Listening to Trans* Stories is the Way

Research Reviewed by Michael Tew

This review examines the conclusions of two studies about Trans* identity development. One is from a social work perspective and the other from communication studies. Both conclude that expression of the self is central to healthy identity development. True for most everyone but particularly important to Trans* people. Most importantly, both research projects are based on listening to authentic Trans* narratives.

Heidi Levitt and Maria Ippolito listened to the narratives of 17  Trans* people.  According to the participants in the study, the experience of being transgender entails (1) developing constructs to represent one’s gender authentically; (2) finding ways to communicate one’s gender to others and be seen; and, (3) balancing these needs with the need to survive under discriminatory political, social, and economic conditions

The themes that emerged in the analysis seemed to illustrate a core theme of trying to cultivate a multifaceted identity within a restrictive social gender paradigm, “much like trying to illustrate a vibrantly colored landscape when only black and white paints are available.” This finding highlights the importance of preserving Transgender clients’ sense of self-determination. Levitt and Ippolito identified three core experiences that led to participants’ understanding of and development of their identities as Trans* people: 1. From childhood treated like damaged goods: Pressure to be closeted about gender often led to self-hatred and isolation, all while under others’ scrutiny; 2 The power of language in fostering acceptance: In hearing other Transgender narratives, the possibilities for self-exploration and affirmation expand; and,  3. Identity formation is an ongoing process of balancing authenticity and necessity (e.g., safety, how much I can cope with, resources, legalities)

Audra K. Nuru listened to the narratives of 37 Trans* individuals who posted videos for the “It gets Better” project. The study identified the way conflicting personal and social identities are communicated in complex layers of expression. Nuru identified specific gaps in expression of Trans* identity and communication strategies commonly employed for crossing, filling, or negotiating those gaps. First, discrepancies between an individual’s self-view and the self as expressed when communicating with others are often negotiated by relegating certain dimensions of gender expression to private arenas and others to public arenas. Second, the gap between how people perceive the individual in different ways than the way the individual sees theirself  is frequently negotiated through relational disengagement and passing. Finally, incongruity in the way an individual enacts their identity and the expectations others have of gendered performances is often negotiated through label changing in reference to the self.  Based on these Trans* narratives, the study observes that difficulties in working through these gaps between a personal understanding of the self and the way the self is expressed in social contexts can result in relational dissatisfaction, relational strain, depression, or self-harm. The role of communication of the self, taken for granted by most, cannot be overstated in its effect on personal, interpersonal, and relational health.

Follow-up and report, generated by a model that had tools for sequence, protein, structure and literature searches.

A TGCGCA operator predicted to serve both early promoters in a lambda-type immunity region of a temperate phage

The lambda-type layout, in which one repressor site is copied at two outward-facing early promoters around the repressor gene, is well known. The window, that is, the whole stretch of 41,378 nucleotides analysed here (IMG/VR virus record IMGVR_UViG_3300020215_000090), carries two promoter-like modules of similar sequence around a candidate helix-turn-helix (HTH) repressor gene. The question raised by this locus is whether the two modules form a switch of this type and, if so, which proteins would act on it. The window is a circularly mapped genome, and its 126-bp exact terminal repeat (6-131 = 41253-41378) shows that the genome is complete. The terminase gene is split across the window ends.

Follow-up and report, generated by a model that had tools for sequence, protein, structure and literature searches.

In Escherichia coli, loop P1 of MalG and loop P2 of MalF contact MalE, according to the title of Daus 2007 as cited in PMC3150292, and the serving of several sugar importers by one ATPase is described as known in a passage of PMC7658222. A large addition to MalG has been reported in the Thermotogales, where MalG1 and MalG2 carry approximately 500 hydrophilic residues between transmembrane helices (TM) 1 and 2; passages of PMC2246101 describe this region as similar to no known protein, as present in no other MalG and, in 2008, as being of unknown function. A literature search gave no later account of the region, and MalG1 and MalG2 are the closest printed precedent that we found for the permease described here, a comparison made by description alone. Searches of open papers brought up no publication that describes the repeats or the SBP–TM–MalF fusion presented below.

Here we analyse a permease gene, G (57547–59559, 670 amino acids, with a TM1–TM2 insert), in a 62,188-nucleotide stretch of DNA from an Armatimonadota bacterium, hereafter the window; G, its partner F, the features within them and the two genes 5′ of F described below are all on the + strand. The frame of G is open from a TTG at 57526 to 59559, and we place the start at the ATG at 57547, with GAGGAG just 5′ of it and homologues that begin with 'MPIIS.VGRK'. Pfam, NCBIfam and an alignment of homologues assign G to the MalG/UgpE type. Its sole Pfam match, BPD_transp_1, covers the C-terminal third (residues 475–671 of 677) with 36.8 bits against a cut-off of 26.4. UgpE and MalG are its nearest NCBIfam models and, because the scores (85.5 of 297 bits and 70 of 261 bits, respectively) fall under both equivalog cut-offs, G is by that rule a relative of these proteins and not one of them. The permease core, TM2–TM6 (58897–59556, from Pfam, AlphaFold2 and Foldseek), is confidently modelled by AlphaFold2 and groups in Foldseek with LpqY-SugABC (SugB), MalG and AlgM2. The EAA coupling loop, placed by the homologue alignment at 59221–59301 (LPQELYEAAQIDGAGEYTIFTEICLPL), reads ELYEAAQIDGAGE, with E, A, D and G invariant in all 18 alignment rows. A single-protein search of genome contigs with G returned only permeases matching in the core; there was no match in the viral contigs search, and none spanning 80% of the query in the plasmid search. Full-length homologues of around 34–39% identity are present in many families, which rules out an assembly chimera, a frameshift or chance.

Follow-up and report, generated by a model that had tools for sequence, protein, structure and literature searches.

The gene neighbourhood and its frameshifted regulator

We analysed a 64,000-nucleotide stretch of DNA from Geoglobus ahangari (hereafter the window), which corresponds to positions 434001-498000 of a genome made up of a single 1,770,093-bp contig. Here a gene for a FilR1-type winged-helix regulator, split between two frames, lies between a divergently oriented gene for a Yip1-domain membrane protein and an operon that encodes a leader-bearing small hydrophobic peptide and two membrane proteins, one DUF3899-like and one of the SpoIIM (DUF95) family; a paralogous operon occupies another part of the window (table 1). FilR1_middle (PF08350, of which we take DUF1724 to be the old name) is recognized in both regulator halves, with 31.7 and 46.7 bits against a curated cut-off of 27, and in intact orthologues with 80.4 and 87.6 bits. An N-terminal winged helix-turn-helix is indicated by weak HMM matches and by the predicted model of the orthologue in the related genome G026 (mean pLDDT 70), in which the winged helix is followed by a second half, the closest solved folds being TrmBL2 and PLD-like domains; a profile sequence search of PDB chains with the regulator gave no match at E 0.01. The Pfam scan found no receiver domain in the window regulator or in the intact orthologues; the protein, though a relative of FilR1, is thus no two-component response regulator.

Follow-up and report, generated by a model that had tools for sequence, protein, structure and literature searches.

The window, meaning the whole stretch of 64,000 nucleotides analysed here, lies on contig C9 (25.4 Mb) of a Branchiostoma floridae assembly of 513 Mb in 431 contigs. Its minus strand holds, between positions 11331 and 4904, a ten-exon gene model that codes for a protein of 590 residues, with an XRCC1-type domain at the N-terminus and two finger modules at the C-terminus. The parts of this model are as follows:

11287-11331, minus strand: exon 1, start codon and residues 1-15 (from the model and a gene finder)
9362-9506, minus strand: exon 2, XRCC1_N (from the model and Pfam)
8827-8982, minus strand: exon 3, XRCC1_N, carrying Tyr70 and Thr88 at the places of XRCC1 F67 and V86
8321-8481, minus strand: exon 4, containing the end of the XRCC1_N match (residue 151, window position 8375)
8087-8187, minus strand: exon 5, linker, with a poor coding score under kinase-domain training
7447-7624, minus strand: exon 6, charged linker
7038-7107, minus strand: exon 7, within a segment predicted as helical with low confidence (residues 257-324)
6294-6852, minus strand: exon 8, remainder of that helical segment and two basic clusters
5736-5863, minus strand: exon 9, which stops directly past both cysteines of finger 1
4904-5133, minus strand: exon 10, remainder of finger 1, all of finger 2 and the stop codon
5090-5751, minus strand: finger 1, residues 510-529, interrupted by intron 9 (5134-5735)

This study is unique because it addresses discursive processes – the ways messages about identity are continuously created through communication. Specifically, negotiating Transgender identity is a complicated, overlapping process that involves cycles of constructing, reshaping, and making sense of gender identity through communication. Trans* identities are not just products of communication, they are constituted by communication in the context of relationships and other social interactions.

Both of these studies are important for two reasons. First, this research comes from authentic narratives of Trans* people. These are not survey projects asking people to respond to categories of identity questions pre-determined by the researchers. They are the amplified voices of people speaking from their lived experiences. In other words, this is research that draws conclusions from Trans* people’s stories rather than fitting Trans* people’s experiences into foregone conclusions.  Second, this research is important to the extent that it should inform social workers, counselors, and psychologists about the complexity of Trans* identities and the multitude of ways gender identity is expressed. There is no one way of expressing the self as a gendered individual and attempts to fit a client’s identity into a box, no matter how progressively informed that box, the more likely that the client is not getting the help and support they need.

Levitt, H. & Ippolito, M. (2014) Being Transgender: The experience of Transgender identity development, Journal of Homosexuality, 61: 1727-1758

Nuru, K. (2014). Between layers: Understanding the communicative negotiation of conflicting identities amongst Transgender individuals. Communication Studies, 65: 281=297.


About Equality Research Center

The mission of the Equality Research Center is to promote, support, and disseminate research focused on Lesbian, Gay, Bisexual, and Transgender equality and human rights. The Center is dedicated to the advancement of Equality by connecting academic, evidence based research to community action, public policy, and curricular innovation.
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